It’s mid-day, and the walls of your cubicle are shaking from the power of thousands of men and women immersed in an intense battle: the battle to win the chair of CEO. Some of these men and women are in management positions, others are from the marketing department, and others are from rivaling companies. What will you choose to do – go out and fight for yourself, or hide behind those cubicle walls?
Unless you’ve been living under a very dark and heavy rock, you may have heard of an HBO series called Game of Thrones. I won’t even attempt to go into the details of the story here (trust me, even the regular watchers barely know what’s going on half of the time), but all in all, it is about the story of seven kingdoms vying for the Iron Throne. Ultimate power. Ultimate respect. And, most likely, ultimate drama and bloodshed. That’s how things roll in the land of Westeros.
Whether you watch the series or not, the super confusing and action-packed story is brimming with as many life lessons as it is overzealous fans. In an attempt to convert the many hours that I’ve spent watching this addictive show into something productive, I have made a list of the top three business lessons that one can learn from watching Game of Thrones. Please note that there may be spoilers.
Lesson One: Sometimes, you have to take one for the team.
Game of Thrones: The awful Cersei Lannister and her dwarf brother, Tyrion Lannister, meet with their father only to learn that he has devised a strategic move for their house which involves both of them marrying individuals that they could care less about. After much protestation, they give in because they know that these marriages will lead them closer to ultimate power.
Takeaway: There will always be tasks that you are faced with that you may not necessarily want to do. Despite this, you know that the actions you take and the quality of work that you put in will benefit your company in the long-run. Keep the overall goal of helping the company to succeed, which in turn will help you to succeed, in mind when facing these challenges.
Lesson Two: Acting in your best interest is okay sometimes, but always know that there may be repercussions.
Game of Thrones: Robb Stark, King in the North, lead his army into war and managed to get Lord Walder Frey on his side after agreeing to marry one of his daughters. During the battles that come, however, he falls in love with a medic named Talisa and decides much against the best interests of his mother, Catelyn, to marry her instead. Robb, his mother, Talisa and almost anyone related to House Stark are killed due to Robb’s selfish actions by Lord Walder Frey as an act of rebellion several episodes later.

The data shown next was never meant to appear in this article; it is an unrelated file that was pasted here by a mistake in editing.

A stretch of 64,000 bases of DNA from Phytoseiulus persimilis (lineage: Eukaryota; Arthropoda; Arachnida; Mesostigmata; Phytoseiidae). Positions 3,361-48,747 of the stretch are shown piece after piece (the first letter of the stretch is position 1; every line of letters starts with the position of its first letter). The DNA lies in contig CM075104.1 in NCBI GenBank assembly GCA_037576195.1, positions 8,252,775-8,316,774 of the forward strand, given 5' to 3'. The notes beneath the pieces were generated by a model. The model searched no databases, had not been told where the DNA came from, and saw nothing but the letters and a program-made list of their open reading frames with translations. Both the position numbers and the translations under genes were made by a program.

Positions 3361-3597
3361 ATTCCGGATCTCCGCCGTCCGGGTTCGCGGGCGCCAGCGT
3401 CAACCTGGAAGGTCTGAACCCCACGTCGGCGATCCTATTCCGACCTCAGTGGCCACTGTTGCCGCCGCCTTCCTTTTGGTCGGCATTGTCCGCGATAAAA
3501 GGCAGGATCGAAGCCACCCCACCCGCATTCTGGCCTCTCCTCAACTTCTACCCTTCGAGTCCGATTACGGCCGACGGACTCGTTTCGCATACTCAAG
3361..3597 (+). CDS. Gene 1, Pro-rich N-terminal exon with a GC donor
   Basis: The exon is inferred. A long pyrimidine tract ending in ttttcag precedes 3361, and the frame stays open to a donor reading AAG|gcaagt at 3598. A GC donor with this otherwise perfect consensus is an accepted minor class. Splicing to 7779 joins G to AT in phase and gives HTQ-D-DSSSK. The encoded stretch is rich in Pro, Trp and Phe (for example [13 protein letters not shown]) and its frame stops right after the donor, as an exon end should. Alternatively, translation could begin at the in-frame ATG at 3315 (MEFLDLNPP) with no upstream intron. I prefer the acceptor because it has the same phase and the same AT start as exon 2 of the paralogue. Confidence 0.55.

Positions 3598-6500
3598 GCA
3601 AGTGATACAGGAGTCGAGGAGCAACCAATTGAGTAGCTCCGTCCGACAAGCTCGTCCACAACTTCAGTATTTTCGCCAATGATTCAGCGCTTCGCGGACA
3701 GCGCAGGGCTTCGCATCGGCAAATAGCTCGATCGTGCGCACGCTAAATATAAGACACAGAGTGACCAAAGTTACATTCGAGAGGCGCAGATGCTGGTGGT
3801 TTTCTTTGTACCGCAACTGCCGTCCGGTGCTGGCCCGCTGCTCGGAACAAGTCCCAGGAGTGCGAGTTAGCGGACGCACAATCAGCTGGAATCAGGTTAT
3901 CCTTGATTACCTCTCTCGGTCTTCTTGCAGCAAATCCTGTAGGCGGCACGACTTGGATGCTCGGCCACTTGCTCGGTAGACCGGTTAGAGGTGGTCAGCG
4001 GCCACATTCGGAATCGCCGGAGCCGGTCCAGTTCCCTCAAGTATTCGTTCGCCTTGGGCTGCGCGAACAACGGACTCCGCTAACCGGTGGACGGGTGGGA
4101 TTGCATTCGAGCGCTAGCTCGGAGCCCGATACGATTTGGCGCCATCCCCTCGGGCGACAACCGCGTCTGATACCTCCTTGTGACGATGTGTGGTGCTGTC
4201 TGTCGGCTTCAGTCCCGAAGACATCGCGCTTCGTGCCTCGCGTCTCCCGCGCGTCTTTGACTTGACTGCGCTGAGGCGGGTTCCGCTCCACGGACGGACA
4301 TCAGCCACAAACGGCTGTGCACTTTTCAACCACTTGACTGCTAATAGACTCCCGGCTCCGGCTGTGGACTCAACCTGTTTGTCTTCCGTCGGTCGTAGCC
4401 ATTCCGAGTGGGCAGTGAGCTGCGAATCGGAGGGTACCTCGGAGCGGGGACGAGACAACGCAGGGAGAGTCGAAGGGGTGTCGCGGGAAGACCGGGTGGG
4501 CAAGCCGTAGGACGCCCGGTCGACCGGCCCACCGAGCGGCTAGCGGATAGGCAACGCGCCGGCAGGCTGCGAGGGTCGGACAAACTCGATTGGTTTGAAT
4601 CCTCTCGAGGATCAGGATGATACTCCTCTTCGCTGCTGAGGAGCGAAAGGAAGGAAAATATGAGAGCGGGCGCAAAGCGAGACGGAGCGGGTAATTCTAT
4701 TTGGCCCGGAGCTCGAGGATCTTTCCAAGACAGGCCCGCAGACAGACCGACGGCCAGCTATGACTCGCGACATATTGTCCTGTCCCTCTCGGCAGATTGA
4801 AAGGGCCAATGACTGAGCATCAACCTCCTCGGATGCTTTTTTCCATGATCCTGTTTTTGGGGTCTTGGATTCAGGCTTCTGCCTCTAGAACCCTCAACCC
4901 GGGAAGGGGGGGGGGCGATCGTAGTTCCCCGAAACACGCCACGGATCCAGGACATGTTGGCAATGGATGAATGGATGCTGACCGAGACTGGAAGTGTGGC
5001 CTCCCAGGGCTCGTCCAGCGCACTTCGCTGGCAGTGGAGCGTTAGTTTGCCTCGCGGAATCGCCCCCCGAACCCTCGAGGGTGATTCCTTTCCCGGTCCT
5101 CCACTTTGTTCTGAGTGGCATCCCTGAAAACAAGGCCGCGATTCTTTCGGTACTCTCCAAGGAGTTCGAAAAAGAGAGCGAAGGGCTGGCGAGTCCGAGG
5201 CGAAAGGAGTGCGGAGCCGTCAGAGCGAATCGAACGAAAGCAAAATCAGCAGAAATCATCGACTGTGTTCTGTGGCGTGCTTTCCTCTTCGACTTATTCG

Takeaway: It’s extremely easy to act in the moment and do what you feel is best for you. Acting selfishly in your position and not taking other co-workers and the company into respect may not hurt you immediately, but it can in the long-run. Always remember that you cannot cross a bridge again after you have burned it. When the opportunity to do something in your best interest does occur, take the time to think through any potential consequences and if what you are doing will truly help you out later on.
Lesson Three: It takes courage and kindness to be a respected leader.
Game of Thrones: Daenarys Targaryan is a fourteen year-old girl who was forced into a marriage, became queen of her husband’s land, mourned the loss of her husband after a mysterious death and oh yeah – she’s the mother of dragons. In addition to this one particularly awesome fact, she has already raided several kingdoms and has warmed the hearts of the slaves in these lands enough to have them join her own personal army. Daenarys is fierce because she wants a chance to rule the Iron Throne in a way that she thinks is best, and she moves toward that goal with both tenacity and a kind spirit.
Takeaway: I think that Daenarys’ character is the kind that is often hard to find in the business world. Often we assume that, in order to be successful, a person must be cold hearted and selfish. Instead, current and aspiring leaders should look to Daenarys and her strong but kind personality for inspiration. Ultimately, being ruthless will scare enough competitors and create enough enemies that you may, eventually, rise to the top. But will your employees respect you? Will they feel comfortable discussing problems that may arise – problems that, if ignored, may damage the company – or will they hide and hope that the problems go away? A strong and successful leader must hold his or her ground, exude confidence but also be approachable and have the best interests of the employees at heart.
Game of Thrones has plenty of characters and trust me, I could write a whole novel on the business lessons that we could learn from each and every single one. The beauty of a well-written television show or a great book is that the characters are all unique and different. We are able to see these characters up close – both their flaws and their strengths – and we are able to see a part of them in ourselves. So, next time you stop to watch your favorite show, put it into a different perspective: what would these characters be like in your office and, more importantly, what lessons can we learn from them? The answers may not be as obvious as flying dragons or magical swords, but they are there, lurking from every channel.